These voices come from above and, in their urgency, they are both loud and unequivocal. “Forthwith” was the clear order and “immediately” was now. “In the first case, the question arises as to what the parties intended to say in the agreement they entered into”: in the latter case, questions (i) “a proposal (or `offer) were made by one party [A] that could be accepted by the other [B]” and, if so, “this proposal was accepted by [B]…] When determining the first of these questions…. The correct approach is to ask whether a person in B`s position (knowledge of the relevant circumstances that had B) would understand that A made a proposal to which he intended to be bound in the event of a clear adoption.” NGLISH: Clear translation for Spanish spokespersons How to use it: Talk about a clear statement, message, order, request, response, insistence, and so on. (Specifically, you can have an unequivocal “no,” an unequivocal refusal, an unequivocal “yes,” an unequivocal agreement, etc.) There is clear support, clear evidence, clear evidence, unequivocal success or failure, clear threats, etc. And a feeling can also be clear: a clear desire for something, an unequivocal hatred, a clear affection, etc. It can also be said that someone is clearly in/on/with something: “He has remained unequivocal in his insistence that school lunches be free for all students.” Or, if your meaning is clear, let me tell you that someone is not clear: “When asked about their position on equality, it was unequivocal.” As this word is so clear by nature, I suggest avoiding the words that dilute it. “Pretty clear,” “pretty clear,” “pretty clear,” even “very clear,” and so on away from the absolute clarity that “clearly” offers everything of itself. Classroom rules need to be clear, as children are experts who interpret them creatively incorrectly.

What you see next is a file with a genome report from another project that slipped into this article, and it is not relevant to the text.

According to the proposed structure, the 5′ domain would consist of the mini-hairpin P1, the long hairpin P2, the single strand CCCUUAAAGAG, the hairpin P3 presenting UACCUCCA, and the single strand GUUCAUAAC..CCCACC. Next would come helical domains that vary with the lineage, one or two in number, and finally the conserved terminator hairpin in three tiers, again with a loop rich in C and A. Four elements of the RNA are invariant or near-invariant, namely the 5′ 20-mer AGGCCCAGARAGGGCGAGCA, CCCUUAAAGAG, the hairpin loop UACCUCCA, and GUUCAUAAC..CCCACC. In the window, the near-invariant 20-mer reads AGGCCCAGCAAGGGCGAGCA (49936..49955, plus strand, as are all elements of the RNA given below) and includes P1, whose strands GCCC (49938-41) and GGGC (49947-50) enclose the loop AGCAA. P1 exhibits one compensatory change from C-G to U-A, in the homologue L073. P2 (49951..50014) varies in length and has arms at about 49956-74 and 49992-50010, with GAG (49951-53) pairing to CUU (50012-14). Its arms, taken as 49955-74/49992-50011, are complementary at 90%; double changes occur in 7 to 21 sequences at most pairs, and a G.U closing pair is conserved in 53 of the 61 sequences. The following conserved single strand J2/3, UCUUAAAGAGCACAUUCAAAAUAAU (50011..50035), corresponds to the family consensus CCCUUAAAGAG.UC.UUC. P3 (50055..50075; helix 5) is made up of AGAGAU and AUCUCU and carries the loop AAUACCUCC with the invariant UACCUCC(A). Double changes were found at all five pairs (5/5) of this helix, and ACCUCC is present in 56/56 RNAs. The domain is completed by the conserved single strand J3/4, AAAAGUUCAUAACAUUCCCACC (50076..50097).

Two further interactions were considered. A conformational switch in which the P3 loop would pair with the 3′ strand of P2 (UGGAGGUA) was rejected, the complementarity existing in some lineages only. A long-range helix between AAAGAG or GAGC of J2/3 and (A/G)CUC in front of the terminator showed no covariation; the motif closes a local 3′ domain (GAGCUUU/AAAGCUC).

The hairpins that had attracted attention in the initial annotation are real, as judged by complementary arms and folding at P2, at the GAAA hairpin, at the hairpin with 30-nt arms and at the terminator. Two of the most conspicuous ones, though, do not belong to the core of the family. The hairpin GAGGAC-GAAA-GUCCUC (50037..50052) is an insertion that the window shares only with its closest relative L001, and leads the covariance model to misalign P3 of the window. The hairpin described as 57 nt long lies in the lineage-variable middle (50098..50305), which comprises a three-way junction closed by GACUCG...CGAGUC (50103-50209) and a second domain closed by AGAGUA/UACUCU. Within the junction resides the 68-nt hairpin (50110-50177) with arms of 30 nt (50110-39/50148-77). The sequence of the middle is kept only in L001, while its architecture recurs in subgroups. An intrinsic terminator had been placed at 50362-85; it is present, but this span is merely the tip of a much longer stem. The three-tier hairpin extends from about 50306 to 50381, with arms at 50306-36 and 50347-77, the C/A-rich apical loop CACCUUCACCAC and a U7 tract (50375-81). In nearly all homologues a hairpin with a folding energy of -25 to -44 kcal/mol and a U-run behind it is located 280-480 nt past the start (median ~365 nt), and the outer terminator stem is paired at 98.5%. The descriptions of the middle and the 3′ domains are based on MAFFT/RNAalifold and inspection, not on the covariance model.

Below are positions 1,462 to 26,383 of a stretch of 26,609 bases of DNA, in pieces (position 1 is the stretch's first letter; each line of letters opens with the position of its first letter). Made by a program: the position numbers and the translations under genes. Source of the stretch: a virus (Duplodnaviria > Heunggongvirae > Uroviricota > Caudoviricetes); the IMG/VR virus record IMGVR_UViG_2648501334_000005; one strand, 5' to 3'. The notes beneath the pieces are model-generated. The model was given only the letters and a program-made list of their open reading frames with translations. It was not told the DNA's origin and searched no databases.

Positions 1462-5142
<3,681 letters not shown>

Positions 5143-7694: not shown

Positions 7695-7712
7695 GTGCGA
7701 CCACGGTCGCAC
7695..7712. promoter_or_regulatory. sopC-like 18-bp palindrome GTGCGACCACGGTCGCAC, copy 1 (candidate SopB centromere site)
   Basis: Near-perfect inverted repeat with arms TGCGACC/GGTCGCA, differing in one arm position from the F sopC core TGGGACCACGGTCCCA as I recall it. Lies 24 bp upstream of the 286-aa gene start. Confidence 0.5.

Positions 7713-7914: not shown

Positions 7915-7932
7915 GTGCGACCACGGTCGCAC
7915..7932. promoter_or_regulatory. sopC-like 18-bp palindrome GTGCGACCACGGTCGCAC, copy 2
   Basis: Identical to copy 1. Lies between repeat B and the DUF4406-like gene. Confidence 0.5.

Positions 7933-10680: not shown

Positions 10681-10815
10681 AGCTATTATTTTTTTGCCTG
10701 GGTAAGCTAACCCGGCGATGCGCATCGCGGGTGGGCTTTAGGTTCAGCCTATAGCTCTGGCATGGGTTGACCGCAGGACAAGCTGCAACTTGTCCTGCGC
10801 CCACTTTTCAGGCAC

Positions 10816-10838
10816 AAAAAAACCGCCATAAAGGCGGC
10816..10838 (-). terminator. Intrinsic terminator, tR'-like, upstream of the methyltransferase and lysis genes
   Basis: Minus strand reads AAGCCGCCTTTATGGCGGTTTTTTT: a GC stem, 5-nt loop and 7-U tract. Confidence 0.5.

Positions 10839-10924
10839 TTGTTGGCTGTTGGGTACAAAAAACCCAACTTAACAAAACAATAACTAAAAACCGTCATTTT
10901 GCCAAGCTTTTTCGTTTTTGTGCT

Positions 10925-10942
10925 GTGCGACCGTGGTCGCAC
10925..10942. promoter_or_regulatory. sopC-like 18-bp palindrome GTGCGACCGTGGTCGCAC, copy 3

“Watch out in class,” for example, invites promises like “I`m watching my friends!” Despite his assertions that he had been unequivocal on this issue, he addressed it in each of his last three speeches, made some vague remarks and continued. Look away from the screen to explain the definition in your own words. You will know that you will understand what “unambiguous” means if you can explain it without saying “absolutely clear” or “no room for misinterpretations.” Think of a period that you or someone you absolutely know absolutely, in any case, something successful (or completely, completely failed) and fill in the gaps: “It was an unequivocal success/ Triumph/ Catastrophe/Failed.” For example: “My first attempts to make cookies out of nothing were obvious mistakes.” Spend at least 20 seconds occupying your mind with the game and quote below. Then try the verification questions. Don`t go straight to the check – leave your memory empty first. Playing With Words: This month we`re going to play New Word Order! It`s a card game I`ve created recently; It is a question of finding the order in which certain words and phrases have entered our language. I give you several words and/or phrases, and you will use your knowledge of history, slang, technology, popular culture, fashion, psychology, etc. to put them in chronological order. I will publish the correct answer to each question the next day. If you like this game, you can download and print it to play with your family and friends.